Fans vs Critics–December 18 2020: Hillbilly Elegy Is the Ideology War of the Season!
Friday Feud: Hillbilly Elegy, Superintelligence, The Croods: A New Age, The Christmas Chronicles 2 and Happiest Season.
Click here for a disclaimer that better explains the methodology of Fans vs Critics. A separate link is included each week for the purpose of cutting down on how much fluff I have to make returning visitors read before we get to the good stuff. I explain a little bit about the process throughout the article but the disclaimer is the best way to understand.
Friday means different things for lots of people, but on Flickmetic? It means a fight. A fight between fans and critics, to be exact. Every week I take a few new movie releases and compare the reception of them on websites such as IMDB, Metacritic and Rotten Tomatoes. I compare IMDB and Metacritic since IMDB links to Metacritic for critical reception, and Rotten Tomatoes is self-sufficient so I can compare the audience and critics directly on that website.
Why would I do this? Thanks for asking. Over the years I’ve bore witness to the battle between the two groups. There are many who believe that they are such rivals that they couldn’t possibly discover any harmony with one another. You could take the data over time and analyze that, but when conceiving this idea I thought it would be fun to see how they react to movies upon their initial release.
Before we begin, I don’t really look at the numbers until I write this. This is an attempt to get genuine reactions to everything I find out, along with wanting to construct the narrative as I go. This isn’t meant to be a dry investigation so I prioritize entertainment even if there are moments where I get more serious. This is meant to be a little silly.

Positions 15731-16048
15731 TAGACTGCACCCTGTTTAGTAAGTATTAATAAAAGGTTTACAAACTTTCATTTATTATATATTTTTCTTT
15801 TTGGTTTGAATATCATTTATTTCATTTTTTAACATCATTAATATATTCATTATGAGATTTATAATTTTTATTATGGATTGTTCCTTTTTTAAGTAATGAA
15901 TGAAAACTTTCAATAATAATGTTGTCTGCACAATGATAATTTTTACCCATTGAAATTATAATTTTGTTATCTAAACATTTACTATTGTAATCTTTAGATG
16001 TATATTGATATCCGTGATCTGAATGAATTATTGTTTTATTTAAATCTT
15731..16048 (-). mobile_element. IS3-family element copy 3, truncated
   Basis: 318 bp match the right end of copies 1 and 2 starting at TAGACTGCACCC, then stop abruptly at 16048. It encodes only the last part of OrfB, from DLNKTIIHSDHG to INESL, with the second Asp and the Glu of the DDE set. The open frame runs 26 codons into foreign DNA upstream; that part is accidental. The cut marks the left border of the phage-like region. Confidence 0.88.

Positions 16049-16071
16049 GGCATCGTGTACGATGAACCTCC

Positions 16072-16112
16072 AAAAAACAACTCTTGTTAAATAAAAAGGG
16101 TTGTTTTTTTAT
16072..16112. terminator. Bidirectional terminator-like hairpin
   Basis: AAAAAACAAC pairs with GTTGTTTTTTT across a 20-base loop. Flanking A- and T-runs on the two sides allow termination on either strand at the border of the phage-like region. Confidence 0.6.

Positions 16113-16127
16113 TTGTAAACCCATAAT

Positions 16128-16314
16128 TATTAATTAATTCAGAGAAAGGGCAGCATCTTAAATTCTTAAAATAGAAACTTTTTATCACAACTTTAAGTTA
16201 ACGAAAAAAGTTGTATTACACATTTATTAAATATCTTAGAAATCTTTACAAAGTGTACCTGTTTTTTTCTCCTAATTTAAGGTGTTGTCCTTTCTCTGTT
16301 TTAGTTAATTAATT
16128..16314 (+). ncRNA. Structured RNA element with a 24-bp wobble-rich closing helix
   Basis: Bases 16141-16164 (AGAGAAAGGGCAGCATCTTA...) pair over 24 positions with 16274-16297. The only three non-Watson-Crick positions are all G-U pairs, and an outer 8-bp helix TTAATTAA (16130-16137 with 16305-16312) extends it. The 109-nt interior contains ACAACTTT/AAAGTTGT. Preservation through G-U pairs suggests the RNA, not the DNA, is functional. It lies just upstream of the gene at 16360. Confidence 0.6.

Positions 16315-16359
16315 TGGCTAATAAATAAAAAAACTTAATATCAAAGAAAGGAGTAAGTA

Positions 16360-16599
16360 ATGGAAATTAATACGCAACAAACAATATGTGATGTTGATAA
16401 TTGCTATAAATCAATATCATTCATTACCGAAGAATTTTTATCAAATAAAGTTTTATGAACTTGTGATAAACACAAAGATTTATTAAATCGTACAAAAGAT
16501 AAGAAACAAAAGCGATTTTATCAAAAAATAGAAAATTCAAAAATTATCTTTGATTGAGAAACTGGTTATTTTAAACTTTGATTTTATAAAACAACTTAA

IMDB/Metacritic Runs the Gauntlet of Opinion
Since this began we have seen a lot more affinity than anything else, especially on IMDB/Metacritic (see the bottom of this article for the official tally). But this week we are inclusive! There are four different opinions that can be demonstrated according to my scale, and we’ve hit all four, baby! There’s still more agreement than disagreement but I like to see all options represented.
You know on May 27, 1996 when Scott Hall appeared on WCW Nitro and said, “You all know who I am, but you don’t know why I’m here” speech? That’s what Hillbilly Elegy is going to be like, a takeover. Before I compiled all the data I was aware of the controversy between certain groups regarding this film so I knew that other movies would have a hard time breathing this week. I can only go where the numbers take me!
We’ve seen vaster disparities in the past but you might say that the film is the elegy for the relationship between fans and critics. That was terrible but mom always told me not to apologize unless I mean it and I wouldn’t. You could philosophize and theorize about why Hillbilly Elegy is causing so many issues but it’s conservatives vs Hollywood. Detective Tyler is on the case. Pika Pika.
The Croods: A New Age is interesting to me and I will explore that as we go on most likely. Before we move onto Rotten Tomatoes I just want to say that everybody agrees on Happiest Season and I’m no different. I rated it a 7/10 so I’m only two points above the average so there’s a kinship forming over that movie.
On Rotten Tomatoes It’s a Fight, It’s a Fight (Head Bust ‘Em, Head Bust ‘Em)
Rotten Tomatoes once again bringing the fire, and that sentence works because tomatoes are known for setting things ablaze. You’ll see that while there are no small differences, there are two large differences! This is the result that we’ve come to appreciate with this website. Let’s just break it down by film to see what movies are bringing the pain. A lot of things are being brought this time, apparently.